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‘This decision will save lives’: Call for evidence-based approach to drugs Australia-wide


Anastasia Tsirtsakis


8/03/2023 4:53:09 PM

The RACGP has welcomed Victoria’s decision to make a medically supervised injecting room ongoing, with GP Dr Hester Wilson urging other jurisdictions to take note.

Safe injecting room entrance
Since its establishment in 2018, the North Richmond MISR trial has successfully managed close to 6000 overdoses.

‘Whether we like it or not, drug use does happen. So, we have a choice in front of us – we can either stick our heads in the sand, say “drugs are bad” and pretend the situation will magically resolve itself, or we can focus on what actually works and saves lives.’
 
That is Dr Hester Wilson, Chair of RACGP Specific Interests Addiction Medicine.
 
She has welcomed the Victorian Government’s decision to make the medically supervised injecting room (MSIR) based in the inner-Melbourne suburb of North Richmond an ongoing service.
 
Formerly the acting medical director at Sydney’s Kings Cross MSIR, Dr Wilson told newsGP that while it is only part of the response required to address the health impacts of illicit drug use, that there is no denying it is ‘a system that works’ – and one she would like to see other jurisdictions follow the lead on.
 
‘It’s not just a compassionate and humane model, it’s a successful model, and one that I hope other premiers and chief ministers adopt right around Australia,’ she said.
 
‘Each state and territory needs to look at what is actually going on for them; what are the issues in their local area? Certainly, New South Wales, Victoria and Queensland … have the largest number of people who have opioid dependence. But all our states do have people that have opioid dependence and do use opioids in risky, hazardous, harmful ways.
 
‘The bottom line is, what you want is to be making decisions that are based on evidence. Certainly, in Sydney and Melbourne having medically supervised injecting centres has made a huge impact on people’s lives.’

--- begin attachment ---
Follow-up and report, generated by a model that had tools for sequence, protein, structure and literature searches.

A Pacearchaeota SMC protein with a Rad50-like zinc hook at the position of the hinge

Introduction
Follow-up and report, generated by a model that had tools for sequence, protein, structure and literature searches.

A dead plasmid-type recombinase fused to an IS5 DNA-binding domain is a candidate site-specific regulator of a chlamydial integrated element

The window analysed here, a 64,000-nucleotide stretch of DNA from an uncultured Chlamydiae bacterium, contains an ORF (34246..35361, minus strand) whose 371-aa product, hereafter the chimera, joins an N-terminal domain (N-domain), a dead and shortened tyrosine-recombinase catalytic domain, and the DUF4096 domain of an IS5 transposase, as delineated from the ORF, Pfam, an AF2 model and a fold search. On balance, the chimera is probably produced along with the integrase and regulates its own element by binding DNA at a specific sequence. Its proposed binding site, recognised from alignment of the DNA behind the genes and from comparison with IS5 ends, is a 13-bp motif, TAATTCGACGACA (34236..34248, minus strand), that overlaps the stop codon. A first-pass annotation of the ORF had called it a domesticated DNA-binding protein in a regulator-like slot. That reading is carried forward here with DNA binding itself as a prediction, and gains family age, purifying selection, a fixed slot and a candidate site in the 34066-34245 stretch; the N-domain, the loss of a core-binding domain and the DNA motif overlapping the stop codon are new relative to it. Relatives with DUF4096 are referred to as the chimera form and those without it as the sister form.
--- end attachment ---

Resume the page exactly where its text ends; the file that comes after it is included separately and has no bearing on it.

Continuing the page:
Victoria’s decision to introduce legislation to make the MSIR ongoing was announced on Tuesday based on the recommendations of an independent review calling for its continuation, as well as expanded support for people accessing the service and increased safety and amenity in the area.
 
The Ryan Review, released on 21 February, was undertaken by an independent panel chaired by John Ryan who found that since the North Richmond trial’s commencement in 2018, almost 6000 overdoses have been successfully managed and 63 lives have been saved.
 
The evidence for MSIRs is also backed by the experience at Sydney’s Kings Cross facility, which opened in 2001. Since its inception up to the end of April 2022, data shows there have been more than 1.2 million injections without any fatalities. Almost 11,000 overdoses have been managed successfully and more than 20,000 referrals have been made to health and social services.
 
RACGP President Dr Nicole Higgins welcomed the announcement and applauded the Victorian Government for their ‘courage and conviction’ in standing firm on their decision.
 
‘This decision will save lives,’ she said.
 
‘Alcohol and other drug use, including intravenous opioid drug use, must be seen through a health lens. We will get nowhere by declaring a “war on drugs”, throwing the book at people, and pretending that a punitive approach will deter drug use.
 
‘Instead, we need to think differently and look at what does work.’
 
The Victorian Government also flagged plans for a second safe-injecting site in 2020, having purchased the former Yooralla building in Melbourne’s CBD in 2021. However, a timeframe has yet to be given.